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Cloud // Software as a Service

Truth About City Clouds

City IT is moving cloudward but it's not fairytale perfect. Migrations are happening in stages, amid many questions and usually with input from several partner providers.

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If you believe the hype, cities are ditching their data centers and moving en masse to public cloud services.

In this pleasant scenario, one that is frequently accompanied by fulsome, if very generalized, statistics on cloud ROI, city budgets are rescued, taxpayers get intriguing new services, and one supplier emerges as the star of the show.

The reality is more complicated. City IT is indeed moving cloudward, but the migration is happening in stages, amid many questions, and usually with input from several partner providers.

In Seattle, for instance, Microsoft boasts of the municipal government migrating its services to Office 365 applications. But former city CIO Bill Schrier says that's only part of what the city is doing with IT. "I would not characterize Microsoft as the 'main vendor' in the 'Seattle municipal cloud,'" he wrote in an email to me this week. "The City has dozens -- really hundreds -- of applications running on internal services and in an internal data center. It also has dozens of SaaS apps such as NeoGov for job applications. Certainly the Office365/Exchange implementation -- when it occurs in 2014 -- will be the largest cloud app, but most mission-critical apps will still run internally."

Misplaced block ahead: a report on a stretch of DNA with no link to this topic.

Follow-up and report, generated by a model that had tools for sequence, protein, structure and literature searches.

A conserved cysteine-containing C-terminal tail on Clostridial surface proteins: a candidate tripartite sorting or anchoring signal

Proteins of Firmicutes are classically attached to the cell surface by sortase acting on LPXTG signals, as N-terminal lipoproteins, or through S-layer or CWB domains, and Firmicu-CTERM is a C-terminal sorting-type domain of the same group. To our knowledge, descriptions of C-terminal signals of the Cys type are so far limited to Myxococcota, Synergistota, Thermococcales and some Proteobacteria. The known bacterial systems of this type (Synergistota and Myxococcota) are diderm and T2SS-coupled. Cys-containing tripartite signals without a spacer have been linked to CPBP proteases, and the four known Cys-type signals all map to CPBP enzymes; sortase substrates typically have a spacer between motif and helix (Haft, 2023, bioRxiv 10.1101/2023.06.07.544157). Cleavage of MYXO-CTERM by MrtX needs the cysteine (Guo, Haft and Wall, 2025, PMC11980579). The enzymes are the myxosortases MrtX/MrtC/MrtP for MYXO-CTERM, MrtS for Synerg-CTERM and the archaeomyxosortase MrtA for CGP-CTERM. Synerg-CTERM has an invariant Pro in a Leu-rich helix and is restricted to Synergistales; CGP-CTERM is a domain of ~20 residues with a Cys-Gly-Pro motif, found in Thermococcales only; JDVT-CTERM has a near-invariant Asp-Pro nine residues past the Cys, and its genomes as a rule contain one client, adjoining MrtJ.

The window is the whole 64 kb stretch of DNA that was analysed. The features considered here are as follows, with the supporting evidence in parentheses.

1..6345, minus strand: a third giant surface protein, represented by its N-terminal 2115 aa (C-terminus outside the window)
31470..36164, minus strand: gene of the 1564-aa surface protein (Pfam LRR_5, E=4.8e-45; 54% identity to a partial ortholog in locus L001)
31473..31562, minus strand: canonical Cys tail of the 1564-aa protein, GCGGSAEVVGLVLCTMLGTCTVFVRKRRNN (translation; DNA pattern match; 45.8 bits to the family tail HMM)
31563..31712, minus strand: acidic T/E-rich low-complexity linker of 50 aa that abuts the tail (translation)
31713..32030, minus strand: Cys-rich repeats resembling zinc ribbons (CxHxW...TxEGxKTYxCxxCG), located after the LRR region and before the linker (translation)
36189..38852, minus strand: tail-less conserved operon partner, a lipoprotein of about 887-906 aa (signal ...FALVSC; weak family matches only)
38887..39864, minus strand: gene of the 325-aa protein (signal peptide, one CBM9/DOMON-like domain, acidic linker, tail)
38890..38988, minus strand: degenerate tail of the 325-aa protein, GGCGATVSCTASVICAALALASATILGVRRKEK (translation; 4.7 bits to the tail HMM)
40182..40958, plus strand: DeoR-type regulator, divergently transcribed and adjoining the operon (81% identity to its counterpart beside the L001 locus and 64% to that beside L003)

In New York, IBM announced early in 2011 that the city would pay roughly $10 million to consolidate multi-agency IT over a five-year period. But IBM does not act as a cloud service provider in its own right, instead offering the underlying technology for multiple providers. Maybe this is why no mention of IBM was made in Mayor Michael Bloomberg's official consolidation plan a couple of years ago. New York's IT infrastructure consolidation appears on track for completion by June 2014.

Then there is San Francisco's move to Microsoft 365 email. Initiated in 2011, the project was touted as a big win for Microsoft. Computerworld reported that the city would pay $1.2 million a year for the service, which was mandated to produce a 20% budget reduction.

Two years later, it's clear that email migration is just one aspect of a huge, complicated IT complex for the city. Moving it to the cloud hasn't been as speedy as planned, either. Jon Walton, the San Francisco city CIO who originated the project, told the San Francisco Chronicle in January 2013 that the email migration wasn't finished. "I'd like to have stayed to see that one wrapped up," he said, referring to his departure to become San Mateo (California) county CIO.

Read the rest of this article on UBM's Future Cities.

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